Politicians in House of Commons gave overwhelming backing to the Brexit bill, paving the way for Prime Minister Theresa May to trigger the Article 50 mechanism for Britain to leave the European Union.

The vote on Wednesday night, came after two days of intensive debating when around 180 members of parliament (MPs) spoke for and against the measure. The final figures stood at 498 ‘yes’ against 114 ‘no’, which gave the government a clear and comfortable majority of 384, Xinhua news agency reported.

The vote was the most critical in a process that will lead to more detailed discussions before peers in the House of Lords vote, ahead of Queen Elizabeth II giving the bill her Royal assent.

The debate was called after the Supreme Court ruled last month that parliament had to vote on triggering Article 50, the mechanism for any country wanting to leave the EU.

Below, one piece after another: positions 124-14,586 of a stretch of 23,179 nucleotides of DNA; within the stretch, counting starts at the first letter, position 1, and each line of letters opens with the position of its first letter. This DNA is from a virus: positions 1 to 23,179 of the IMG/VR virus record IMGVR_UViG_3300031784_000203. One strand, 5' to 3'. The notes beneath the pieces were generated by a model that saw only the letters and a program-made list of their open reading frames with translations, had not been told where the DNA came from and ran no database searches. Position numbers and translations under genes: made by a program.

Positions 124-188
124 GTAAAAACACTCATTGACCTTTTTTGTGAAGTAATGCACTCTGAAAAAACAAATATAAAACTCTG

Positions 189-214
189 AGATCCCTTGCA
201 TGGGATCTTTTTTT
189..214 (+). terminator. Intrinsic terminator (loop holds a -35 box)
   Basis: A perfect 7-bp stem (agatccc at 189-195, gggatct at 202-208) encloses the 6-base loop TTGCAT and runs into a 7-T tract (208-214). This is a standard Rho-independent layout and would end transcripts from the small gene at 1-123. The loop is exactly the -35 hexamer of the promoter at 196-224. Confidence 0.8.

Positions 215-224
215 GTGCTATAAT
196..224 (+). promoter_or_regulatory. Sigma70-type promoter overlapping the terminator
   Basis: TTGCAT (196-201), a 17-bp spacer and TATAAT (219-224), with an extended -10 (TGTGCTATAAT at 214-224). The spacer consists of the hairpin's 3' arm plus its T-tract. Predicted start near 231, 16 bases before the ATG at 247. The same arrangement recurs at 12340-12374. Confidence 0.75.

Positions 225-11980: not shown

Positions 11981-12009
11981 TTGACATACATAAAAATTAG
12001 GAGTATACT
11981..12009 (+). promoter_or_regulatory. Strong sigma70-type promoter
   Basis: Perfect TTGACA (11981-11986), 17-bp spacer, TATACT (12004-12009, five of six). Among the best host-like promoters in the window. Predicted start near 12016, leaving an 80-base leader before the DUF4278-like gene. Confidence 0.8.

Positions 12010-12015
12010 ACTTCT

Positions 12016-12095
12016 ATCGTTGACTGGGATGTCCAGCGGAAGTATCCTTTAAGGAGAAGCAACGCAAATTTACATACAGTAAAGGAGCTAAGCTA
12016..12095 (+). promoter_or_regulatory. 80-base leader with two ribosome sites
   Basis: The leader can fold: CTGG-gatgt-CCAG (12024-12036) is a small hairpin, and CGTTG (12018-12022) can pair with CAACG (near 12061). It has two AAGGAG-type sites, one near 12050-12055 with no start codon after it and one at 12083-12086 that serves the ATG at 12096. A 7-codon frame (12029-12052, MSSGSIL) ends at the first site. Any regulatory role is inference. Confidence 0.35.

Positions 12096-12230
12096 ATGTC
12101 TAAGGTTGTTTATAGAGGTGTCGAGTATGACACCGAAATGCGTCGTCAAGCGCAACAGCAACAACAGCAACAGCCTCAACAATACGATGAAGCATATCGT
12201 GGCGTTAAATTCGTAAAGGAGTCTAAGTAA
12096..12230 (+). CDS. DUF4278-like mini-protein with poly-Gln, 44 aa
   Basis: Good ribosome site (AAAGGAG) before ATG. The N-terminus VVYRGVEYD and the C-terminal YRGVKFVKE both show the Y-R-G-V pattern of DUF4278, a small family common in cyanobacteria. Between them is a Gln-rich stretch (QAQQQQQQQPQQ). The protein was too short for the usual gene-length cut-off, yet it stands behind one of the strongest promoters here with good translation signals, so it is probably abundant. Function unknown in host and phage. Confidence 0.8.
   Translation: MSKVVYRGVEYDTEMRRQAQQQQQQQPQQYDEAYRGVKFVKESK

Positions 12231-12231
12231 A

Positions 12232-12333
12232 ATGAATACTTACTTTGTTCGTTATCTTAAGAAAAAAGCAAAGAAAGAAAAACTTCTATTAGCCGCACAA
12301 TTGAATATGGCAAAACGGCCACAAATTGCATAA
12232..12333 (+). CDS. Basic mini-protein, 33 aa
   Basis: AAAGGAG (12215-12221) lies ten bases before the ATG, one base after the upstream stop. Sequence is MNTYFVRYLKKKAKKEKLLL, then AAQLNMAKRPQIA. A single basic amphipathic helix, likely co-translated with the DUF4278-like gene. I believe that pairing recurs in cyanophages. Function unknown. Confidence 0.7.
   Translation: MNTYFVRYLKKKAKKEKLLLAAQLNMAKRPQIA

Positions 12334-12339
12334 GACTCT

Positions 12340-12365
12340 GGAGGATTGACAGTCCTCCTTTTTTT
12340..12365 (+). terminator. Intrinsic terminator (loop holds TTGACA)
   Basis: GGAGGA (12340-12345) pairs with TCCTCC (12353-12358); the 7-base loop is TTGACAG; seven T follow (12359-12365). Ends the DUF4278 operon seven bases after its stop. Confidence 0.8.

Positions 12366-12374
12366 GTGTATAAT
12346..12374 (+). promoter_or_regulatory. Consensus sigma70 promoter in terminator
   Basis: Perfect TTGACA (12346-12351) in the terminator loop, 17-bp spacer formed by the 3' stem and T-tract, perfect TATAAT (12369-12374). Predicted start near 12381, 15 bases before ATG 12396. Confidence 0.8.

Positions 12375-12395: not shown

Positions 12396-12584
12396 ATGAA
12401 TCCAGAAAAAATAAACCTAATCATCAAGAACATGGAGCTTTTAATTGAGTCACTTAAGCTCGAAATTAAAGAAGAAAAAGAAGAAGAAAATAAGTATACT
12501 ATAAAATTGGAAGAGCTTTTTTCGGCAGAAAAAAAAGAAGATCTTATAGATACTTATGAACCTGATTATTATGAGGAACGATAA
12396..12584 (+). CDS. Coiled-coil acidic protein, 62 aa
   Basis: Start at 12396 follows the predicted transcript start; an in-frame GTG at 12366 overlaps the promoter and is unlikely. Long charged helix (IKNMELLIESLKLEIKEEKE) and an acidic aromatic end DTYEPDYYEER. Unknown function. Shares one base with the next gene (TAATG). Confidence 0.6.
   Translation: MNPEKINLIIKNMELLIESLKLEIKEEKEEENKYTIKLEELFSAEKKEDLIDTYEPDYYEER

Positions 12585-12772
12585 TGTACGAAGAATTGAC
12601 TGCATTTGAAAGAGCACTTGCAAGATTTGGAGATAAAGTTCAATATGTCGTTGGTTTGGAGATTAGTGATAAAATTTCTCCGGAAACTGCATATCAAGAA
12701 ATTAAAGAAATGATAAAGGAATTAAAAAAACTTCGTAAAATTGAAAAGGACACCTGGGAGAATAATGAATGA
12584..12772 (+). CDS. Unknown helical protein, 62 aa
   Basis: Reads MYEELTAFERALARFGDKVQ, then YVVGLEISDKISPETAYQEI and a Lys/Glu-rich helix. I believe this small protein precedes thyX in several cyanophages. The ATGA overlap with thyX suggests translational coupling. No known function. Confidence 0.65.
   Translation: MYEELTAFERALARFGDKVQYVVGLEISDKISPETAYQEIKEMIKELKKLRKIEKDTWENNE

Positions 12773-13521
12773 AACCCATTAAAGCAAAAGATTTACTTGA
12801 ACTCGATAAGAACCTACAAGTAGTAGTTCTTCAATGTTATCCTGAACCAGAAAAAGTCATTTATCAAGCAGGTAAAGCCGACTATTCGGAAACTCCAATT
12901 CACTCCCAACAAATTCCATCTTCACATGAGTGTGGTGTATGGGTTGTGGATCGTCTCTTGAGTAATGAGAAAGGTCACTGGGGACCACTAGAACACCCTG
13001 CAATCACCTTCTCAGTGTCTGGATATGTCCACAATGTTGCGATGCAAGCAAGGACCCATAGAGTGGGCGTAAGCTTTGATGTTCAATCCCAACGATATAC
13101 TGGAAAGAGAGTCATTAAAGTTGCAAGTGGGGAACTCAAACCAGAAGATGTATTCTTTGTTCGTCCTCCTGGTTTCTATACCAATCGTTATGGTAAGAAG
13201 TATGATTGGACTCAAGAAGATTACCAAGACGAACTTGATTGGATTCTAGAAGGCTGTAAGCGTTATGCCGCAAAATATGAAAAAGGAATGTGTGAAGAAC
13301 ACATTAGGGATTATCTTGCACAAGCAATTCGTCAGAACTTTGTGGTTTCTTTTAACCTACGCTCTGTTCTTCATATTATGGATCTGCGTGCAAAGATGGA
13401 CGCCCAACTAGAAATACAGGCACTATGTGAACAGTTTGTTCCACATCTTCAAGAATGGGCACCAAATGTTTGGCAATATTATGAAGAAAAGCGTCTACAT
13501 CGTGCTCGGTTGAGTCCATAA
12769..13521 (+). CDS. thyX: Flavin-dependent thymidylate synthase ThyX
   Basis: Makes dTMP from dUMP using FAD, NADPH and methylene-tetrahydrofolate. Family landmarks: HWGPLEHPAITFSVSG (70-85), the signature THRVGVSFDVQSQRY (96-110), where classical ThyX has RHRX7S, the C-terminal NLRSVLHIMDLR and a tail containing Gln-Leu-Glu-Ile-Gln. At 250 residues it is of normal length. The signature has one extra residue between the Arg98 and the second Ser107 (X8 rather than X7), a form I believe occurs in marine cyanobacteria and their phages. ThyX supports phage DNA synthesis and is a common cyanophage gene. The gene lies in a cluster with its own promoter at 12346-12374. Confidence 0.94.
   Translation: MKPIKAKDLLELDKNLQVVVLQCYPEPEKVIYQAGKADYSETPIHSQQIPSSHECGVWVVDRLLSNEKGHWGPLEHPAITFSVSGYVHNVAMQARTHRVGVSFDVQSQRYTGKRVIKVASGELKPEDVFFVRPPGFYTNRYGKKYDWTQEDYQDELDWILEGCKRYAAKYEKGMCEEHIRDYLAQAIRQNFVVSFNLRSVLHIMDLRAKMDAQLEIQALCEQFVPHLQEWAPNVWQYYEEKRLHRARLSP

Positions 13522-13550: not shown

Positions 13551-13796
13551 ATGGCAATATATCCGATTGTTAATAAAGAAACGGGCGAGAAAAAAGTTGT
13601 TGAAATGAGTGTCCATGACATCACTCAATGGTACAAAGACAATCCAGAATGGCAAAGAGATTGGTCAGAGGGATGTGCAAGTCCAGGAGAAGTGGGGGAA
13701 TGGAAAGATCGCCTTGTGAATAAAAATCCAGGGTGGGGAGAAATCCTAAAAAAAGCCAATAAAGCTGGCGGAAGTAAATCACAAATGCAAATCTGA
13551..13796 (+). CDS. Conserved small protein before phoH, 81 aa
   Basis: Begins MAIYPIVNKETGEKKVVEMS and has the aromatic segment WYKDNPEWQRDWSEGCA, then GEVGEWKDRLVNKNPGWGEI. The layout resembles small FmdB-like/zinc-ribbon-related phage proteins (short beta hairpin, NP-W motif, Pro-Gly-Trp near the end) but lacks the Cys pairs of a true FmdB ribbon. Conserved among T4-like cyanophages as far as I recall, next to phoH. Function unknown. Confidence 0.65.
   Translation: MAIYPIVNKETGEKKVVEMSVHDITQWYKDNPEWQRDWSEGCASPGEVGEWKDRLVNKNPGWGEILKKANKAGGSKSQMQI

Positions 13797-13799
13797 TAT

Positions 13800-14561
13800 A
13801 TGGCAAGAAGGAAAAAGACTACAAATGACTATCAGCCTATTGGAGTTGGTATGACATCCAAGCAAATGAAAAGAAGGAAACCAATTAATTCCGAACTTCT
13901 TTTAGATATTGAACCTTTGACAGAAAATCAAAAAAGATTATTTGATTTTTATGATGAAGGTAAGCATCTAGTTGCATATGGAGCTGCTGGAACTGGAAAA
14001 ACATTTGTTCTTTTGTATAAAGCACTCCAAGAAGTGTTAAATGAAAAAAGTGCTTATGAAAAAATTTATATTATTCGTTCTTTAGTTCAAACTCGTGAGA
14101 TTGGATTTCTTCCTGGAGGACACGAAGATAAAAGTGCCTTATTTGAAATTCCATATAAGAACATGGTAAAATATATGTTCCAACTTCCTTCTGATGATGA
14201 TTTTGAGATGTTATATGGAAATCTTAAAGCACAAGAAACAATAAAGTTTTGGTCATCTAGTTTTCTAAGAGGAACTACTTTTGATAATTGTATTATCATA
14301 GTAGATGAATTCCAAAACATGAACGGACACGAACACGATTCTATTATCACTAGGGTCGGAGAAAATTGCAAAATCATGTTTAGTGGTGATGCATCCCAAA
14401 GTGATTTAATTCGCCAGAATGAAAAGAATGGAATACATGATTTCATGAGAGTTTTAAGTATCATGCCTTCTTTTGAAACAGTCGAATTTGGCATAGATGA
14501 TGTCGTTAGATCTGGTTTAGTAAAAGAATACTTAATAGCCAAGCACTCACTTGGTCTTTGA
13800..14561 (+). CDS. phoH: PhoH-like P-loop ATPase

The final speaker in the debate, government minister David Jones, urging MPs to “trust the people” and saying the government was clear that the referendum outcome would apply to the whole of Britain.

Jones said the British government insists it will work with the devolved administrations in Scotland, Wales and Northern Ireland. And in a message to the people of Europe, he said: “You will still be welcome in our country, as we trust our citizens will still be welcome in yours.”

Former Chancellor of the Exchequer George Osborne said the government had chosen not to make the economy the priority, but had prioritized immigration control, which was a clear message from the referendum campaign.

First Published | 2 February 2017 7:44 AM
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